RALEIGH, N.C. (WNCN) — After a loss in habitats, changes in water flow and climate change, a snail only found in North Carolina’s lower Cape Fear River Basin is extinct in the wild. The U.S. Fish and Wildlife Service says the last time the magnificent ramshorn snail was at least 40 years ago.

The species isn’t totally wiped out. There are about 1,000 that live in captivity and the Service says it is being propagated for future release into the wild.

Now, the U.S. Fish and Wildlife Service is proposing to list the snail as an endangered species under the Endangered Species Act.

“The science that the Service has gathered on the magnificent ramshorn indicates it is in danger of extinction throughout all of its range,” said Regional Director Leopoldo Miranda-Castro. “This narrow endemic needs our help. Working with state fish and wildlife agencies and our partners will help advance conservation efforts and the eventual recovery of the species.”  

In addition, the Service is also proposing to designate 739 acres of ponds as critical habitat for the magnificent ramshorn in Brunswick County. They say the snails could eventually be released there to repopulate their historical habitat.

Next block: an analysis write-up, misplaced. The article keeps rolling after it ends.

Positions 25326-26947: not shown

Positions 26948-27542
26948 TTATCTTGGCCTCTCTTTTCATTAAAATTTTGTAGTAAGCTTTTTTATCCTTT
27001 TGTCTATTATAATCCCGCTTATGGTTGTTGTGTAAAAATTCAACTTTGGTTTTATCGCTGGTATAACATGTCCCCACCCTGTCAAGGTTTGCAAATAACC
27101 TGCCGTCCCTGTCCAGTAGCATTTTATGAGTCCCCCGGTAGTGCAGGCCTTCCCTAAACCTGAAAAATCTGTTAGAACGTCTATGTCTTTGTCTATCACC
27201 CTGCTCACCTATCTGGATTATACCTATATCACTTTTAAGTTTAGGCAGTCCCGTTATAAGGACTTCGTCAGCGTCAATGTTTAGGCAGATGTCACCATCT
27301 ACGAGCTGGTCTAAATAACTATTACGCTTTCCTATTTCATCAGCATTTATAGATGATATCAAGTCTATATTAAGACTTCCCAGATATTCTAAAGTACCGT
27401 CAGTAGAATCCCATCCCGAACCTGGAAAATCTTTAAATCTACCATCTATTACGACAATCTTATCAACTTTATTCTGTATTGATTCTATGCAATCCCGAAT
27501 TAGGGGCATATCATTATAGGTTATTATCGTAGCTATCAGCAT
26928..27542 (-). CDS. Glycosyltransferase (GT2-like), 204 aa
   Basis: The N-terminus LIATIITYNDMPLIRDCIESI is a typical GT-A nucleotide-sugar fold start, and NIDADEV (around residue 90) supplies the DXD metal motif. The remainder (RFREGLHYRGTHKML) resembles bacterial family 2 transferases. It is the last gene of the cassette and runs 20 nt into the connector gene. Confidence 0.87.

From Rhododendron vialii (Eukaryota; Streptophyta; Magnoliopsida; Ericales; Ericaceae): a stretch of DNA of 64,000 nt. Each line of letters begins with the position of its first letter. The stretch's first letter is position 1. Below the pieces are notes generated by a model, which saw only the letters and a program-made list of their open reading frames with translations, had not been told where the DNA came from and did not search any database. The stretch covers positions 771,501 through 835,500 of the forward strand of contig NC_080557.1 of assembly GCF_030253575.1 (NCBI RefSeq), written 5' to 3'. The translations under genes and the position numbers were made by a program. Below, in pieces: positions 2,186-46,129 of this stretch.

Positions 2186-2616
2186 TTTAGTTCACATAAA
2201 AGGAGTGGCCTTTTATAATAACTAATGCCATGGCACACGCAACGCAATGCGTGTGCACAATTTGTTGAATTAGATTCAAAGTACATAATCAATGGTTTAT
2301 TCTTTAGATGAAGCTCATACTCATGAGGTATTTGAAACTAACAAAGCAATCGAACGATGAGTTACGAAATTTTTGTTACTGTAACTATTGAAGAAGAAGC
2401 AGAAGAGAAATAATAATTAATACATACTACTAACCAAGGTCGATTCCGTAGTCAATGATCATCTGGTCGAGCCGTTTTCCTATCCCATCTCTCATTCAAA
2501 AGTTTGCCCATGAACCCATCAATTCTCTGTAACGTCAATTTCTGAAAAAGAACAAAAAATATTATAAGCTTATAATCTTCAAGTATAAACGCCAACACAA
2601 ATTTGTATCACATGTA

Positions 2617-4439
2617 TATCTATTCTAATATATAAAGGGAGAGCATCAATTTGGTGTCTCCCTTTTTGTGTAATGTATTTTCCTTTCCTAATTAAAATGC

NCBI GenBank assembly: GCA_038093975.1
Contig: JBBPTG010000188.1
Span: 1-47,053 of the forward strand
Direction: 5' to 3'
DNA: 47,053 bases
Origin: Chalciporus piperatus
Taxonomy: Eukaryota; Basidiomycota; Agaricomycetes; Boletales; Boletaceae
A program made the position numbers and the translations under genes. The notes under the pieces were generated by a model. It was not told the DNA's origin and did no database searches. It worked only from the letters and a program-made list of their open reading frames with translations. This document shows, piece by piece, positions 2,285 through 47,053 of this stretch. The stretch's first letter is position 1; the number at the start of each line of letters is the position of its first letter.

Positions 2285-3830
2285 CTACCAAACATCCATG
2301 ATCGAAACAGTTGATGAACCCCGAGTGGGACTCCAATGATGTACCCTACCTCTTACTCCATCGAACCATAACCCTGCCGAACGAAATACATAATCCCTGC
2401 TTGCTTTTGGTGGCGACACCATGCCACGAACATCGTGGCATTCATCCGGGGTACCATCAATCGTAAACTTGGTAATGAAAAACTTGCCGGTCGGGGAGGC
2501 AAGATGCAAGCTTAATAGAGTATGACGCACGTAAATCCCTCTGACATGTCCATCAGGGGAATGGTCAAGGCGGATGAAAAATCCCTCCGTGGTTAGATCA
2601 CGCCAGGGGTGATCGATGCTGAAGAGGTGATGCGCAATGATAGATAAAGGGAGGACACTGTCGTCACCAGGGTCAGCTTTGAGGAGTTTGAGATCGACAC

The service says two ponds (Orton Pond and Big Pond) within the proposed boundaries would be suitable habitats for the snail. 

They also announced the availability of a draft economic analysis of the proposed designation of critical habitat. The total incremental costs of critical habitat designation are estimated to be less than $21,000, annually. 

The NC Division of Water Resources and the Service are working with the city of Wilmington, North Carolina, to improve the water quality of Greenfield Lake, which formerly supported the species.  

If the species receives federal protection, the Service will be tasked with developing and implementing a recovery plan for the snail’s conservation. The ultimate goal would be to restore the species to a “point where they are secure, self-sustaining, and functioning components of their ecosystems.”